Grades 6 to 10 IB Curriculum
The Middle Years Program Curriculum Guide
Dwight School offers the Middle Years Program of the International Baccalaureate in Grades 6 through 10. What follows is the complete curriculum guide for this program.
Please note that while this guide reflects the current and/or upcoming academic year offerings, courses are subject to change. Families are encouraged to inquire with our Head of Middle School, Ron Posner, via firstname.lastname@example.org about any specific courses or subject areas of interest in grades 6-8; and with Head of Upper School, Eric Dale, via email@example.com about courses or subject areas in grades 9-10.
- Language and Literature
- Individuals and Societies
- World Languages
- Visual and Performing Arts
- Physical and Health Education
- Service as Action
- Student Activities
- Travel Abroad
The Middle Years Program (MYP) provides a framework of academic rigor that encourages students to embrace and understand the connections between traditional subjects and the real world. Learning encourages students to become creative, critical, and reflective thinkers through the use of the IB Learner Profile attributes.
The MYP is designed to:
- Teach a broad base of disciplines;
- Teach not only the subject content but also how to apply the content in different contexts;
- Promote learning in multiple subjects concurrently and identifying linkages through concepts;
- Encourage the use of a variety of teaching methodologies;
- Emphasize development of the whole student, including the affective, cognitive, creative, and physical; and
- Empower students to participate in service.
The MYP curriculum requires mastery of eight subjects: Language and Literature, Language Acquisition, Individuals and Societies, Sciences, Mathematics, Physical and Health Education, Design, and Arts. Through the approaches to learning, students develop communication, social, self-management, research, and thinking skills to be successful in the classroom and beyond. MYP teachers use internationally published IB assessment criteria as a benchmark for their grading. Dwight teachers use these criteria regularly in our courses to help students track progress and identify possible areas for improvement. Teachers provide a variety of assessment tasks, such as open-ended activities, investigations, organized debates, hands-on experimentations, and reflections, allowing students to demonstrate their achievement according to the determined criteria. In addition, the MYP provides experiential learning through service, whereby students take planned action and reflect on their personal growth.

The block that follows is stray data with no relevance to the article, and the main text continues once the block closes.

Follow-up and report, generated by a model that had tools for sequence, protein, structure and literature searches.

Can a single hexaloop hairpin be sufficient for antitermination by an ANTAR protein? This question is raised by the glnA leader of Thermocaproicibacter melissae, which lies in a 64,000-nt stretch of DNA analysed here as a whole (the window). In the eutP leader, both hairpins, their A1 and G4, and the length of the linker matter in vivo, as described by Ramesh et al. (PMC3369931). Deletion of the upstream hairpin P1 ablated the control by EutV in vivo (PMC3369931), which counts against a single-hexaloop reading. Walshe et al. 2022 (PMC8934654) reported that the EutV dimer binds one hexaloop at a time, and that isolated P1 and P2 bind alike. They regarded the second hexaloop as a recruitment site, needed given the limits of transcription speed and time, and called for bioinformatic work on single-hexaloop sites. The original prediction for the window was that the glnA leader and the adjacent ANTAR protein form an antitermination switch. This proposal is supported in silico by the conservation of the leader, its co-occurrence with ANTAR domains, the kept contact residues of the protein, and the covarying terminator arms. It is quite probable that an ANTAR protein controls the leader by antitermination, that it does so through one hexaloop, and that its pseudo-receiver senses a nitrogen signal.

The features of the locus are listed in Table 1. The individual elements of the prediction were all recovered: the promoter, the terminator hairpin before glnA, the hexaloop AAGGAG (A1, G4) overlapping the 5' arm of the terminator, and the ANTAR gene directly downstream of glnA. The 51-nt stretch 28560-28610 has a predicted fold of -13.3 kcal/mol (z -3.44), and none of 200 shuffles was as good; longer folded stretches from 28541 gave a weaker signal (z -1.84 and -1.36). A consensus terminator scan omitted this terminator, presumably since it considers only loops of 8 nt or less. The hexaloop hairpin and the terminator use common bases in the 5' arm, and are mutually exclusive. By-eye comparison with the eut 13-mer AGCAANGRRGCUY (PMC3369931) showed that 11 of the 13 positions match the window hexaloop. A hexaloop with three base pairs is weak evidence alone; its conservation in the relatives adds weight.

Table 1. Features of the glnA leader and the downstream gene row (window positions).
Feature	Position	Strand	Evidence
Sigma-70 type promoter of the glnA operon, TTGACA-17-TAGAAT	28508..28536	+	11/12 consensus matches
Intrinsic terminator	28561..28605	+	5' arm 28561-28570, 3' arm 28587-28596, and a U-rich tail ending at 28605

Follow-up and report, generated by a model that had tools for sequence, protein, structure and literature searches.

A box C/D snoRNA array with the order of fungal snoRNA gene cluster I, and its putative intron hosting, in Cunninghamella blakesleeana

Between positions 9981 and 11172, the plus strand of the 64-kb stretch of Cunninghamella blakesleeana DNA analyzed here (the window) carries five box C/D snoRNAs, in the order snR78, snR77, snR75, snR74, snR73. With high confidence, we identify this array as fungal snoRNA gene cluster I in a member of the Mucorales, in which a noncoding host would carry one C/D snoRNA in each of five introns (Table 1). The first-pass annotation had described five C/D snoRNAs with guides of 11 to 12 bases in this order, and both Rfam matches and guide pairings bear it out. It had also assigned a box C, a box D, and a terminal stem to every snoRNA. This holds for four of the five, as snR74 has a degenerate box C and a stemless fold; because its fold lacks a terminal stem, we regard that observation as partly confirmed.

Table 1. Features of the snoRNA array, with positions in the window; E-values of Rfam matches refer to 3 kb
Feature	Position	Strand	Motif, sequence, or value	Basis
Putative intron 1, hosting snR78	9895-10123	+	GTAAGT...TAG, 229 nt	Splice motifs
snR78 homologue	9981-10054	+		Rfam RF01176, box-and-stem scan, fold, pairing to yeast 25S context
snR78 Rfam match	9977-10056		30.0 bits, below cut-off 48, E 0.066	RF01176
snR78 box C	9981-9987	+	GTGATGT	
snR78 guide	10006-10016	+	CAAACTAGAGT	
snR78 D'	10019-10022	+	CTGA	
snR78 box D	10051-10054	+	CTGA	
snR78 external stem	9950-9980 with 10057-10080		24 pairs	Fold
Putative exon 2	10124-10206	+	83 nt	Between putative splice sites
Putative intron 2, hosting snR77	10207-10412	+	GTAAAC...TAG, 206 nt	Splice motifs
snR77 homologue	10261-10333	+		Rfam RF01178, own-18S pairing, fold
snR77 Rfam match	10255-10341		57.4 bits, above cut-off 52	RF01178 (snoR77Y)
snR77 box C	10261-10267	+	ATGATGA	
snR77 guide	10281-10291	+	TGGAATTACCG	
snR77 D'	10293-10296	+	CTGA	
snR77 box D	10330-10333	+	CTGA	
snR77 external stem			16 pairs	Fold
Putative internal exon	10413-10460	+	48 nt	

The MYP culminates with the submission of a Personal Project in grade ten, an independent, eight-month long assignment that showcases the skills that students have developed throughout the five years of their MYP studies. The project is a rich opportunity for students to create an extended piece of work that challenges their own creativity and thinking about personal issues and to share their experiences throughout the process with the school community at an exhibition. Graded against a rigorous set of IB criteria, the Personal Project is not only an integral part of the MYP, but also a continuation requirement for students moving towards the Diploma Program.
Dwight’s English Department strives to help students become better readers, writers, listeners, speakers, and thinkers. The curriculum design and instruction are based on the belief that incisive questions have a value greater than the mere clarity of their answers. Through this philosophy, students are helped to see the merit of inquiry and reflection. A strong foundation in writing conventions such as grammar, vocabulary, mechanics, and style is also an integral part of students’ intellectual development. Dwight students are consistently encouraged to improve their writing through proofreading, editing, and revision. Through the internationally published MYP Language and Literature Criteria, grades 6-10 students are assessed on the following areas: analyzing, organizing, producing text, and using language.
English teachers at Dwight love literature, and their passion fuels classroom discussions on a daily basis. Students respond to literature through oral and written communication, enabling them to develop and refine their command of the English language. They read novels, poetry, and drama from a diverse range of authors, cultures, and time periods, in order to understand how literature can be both a mirror and a magnifying glass — reflecting and focusing us on aspects of our own identities as well as the world around us.